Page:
Around Chernobyl, the “zona”, as the Ukrainians call it, originally had a radius of 30 kilometers (18 miles). It has since been expanded to cover the areas of highest contamination.
Living in the zone, hunting, visiting, or carrying out any commercial activities are legally prohibited and punishable by law. The zone is predominantly woodland, with deer, boar, and wolves now roaming wild, and there are said to be some squatters.
At one time, the zone was home to around 120,000 people, including 90 small villages and the larger cities of Chernobyl and Pripyat.
Three thousand police and workers including scientists doing research are employed within the zone. They are usually allowed to stay for three or four days and then sent out for three or four days. However, some scientists work longer shifts, such as 15 days in the zone and 15 days out. Their health is continuously monitored, particularly for internal accumulation of radioactive elements.
Many of the plants growing within the zone are extremely radioactive, particularly the mushrooms. Trees killed by radioactivity and yet sill standing are called “red forests” due to their color.
Why would anyone want to sneak in?
“It’s something of a fad,” explains the Ukrainian Border Police who patrol Chernobyl. “It was started by a woman journalist a few years ago who claimed to have made the trip through the zone on her motorbike. It turned out that her account was fictitious, but we still catch and throw out around 300 intruders a year.”
The zone’s administration allows brief day trips to Chernobyl. Many of these visitors are devout Jews who came to pray at the grave of a famous rabbi in Chernobyl.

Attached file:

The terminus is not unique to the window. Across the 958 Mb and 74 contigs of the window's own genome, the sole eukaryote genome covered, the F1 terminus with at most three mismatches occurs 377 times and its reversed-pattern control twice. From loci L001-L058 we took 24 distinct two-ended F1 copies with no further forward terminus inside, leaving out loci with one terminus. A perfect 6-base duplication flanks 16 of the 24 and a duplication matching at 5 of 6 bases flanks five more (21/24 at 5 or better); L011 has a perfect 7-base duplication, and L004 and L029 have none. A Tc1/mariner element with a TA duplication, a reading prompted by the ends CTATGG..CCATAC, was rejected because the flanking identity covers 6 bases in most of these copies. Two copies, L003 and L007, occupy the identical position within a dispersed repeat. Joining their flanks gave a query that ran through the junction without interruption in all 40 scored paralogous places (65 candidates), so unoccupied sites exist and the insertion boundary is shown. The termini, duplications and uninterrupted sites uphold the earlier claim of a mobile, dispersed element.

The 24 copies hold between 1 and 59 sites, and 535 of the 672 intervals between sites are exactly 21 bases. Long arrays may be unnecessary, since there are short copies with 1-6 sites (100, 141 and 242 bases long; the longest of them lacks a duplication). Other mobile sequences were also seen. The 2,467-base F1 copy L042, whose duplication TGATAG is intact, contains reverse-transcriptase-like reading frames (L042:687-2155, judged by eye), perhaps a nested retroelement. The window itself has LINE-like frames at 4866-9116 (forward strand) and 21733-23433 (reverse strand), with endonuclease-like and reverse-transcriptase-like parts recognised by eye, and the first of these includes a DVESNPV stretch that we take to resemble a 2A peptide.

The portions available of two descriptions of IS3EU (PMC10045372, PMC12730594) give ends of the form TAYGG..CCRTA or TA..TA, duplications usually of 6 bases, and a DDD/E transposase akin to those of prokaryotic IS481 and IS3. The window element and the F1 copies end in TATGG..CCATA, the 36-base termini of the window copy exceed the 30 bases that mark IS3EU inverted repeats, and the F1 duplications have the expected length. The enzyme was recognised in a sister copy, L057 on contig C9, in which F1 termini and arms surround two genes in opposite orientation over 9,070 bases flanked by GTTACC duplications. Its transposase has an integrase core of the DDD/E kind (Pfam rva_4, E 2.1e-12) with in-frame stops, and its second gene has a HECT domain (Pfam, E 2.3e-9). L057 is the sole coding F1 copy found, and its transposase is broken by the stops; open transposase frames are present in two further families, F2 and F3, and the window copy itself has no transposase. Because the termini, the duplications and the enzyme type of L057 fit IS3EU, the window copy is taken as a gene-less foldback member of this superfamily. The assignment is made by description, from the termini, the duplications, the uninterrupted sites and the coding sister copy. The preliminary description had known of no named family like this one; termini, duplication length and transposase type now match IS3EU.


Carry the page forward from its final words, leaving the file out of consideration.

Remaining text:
However, Kulik slipped in by the back roads on a Kawasaki dirt bike.
“Have you ever dreamed of traveling into an isolated area, the access to which is forbidden?” he says. “Not many people dare to reach the borders of the Chernobyl region surrounded by barbed wire. If you are lucky enough, there is a chance to get inside the abandoned place.”
What he found was utterly spooky. “Dense forests surround a number of empty villages,” he said. “Today, the villages are only inhabited by wild animals.”
Although the houses are in disrepair and falling apart, they were just too forbidding looking to camp in. Kulik preferred to sling his hammock under some trees.
“One would hardly want to spend the night in a haunted house,” he said. “I preferred to use a hammock under the open sky. The empty houses looked too grim.”
Perhaps the eeriest aspect of the abandoned houses is that they were evacuated in haste. Everything, including family photographs, kitchen utensils, and clothing are still there, as though the owners had just stepped out for a few moments and would return soon — yet 30 years have passed.
In the empty city of Pripyat, Kulik wandered through a deserted school where the ceiling had begun to fall on the neatly lined-up desks.
Throughout the zone, thousands upon thousands of trucks, tanks, helicopters, and other vehicles contaminated by radiation are stacked up and marked with signs warning people to stay away. Even so, occasionally looters get in and steal engines and other valuable parts.
Kulik eventually got lost in the zone and was caught and expelled.
“It was almost a relief to finally be taken out of there,” he says.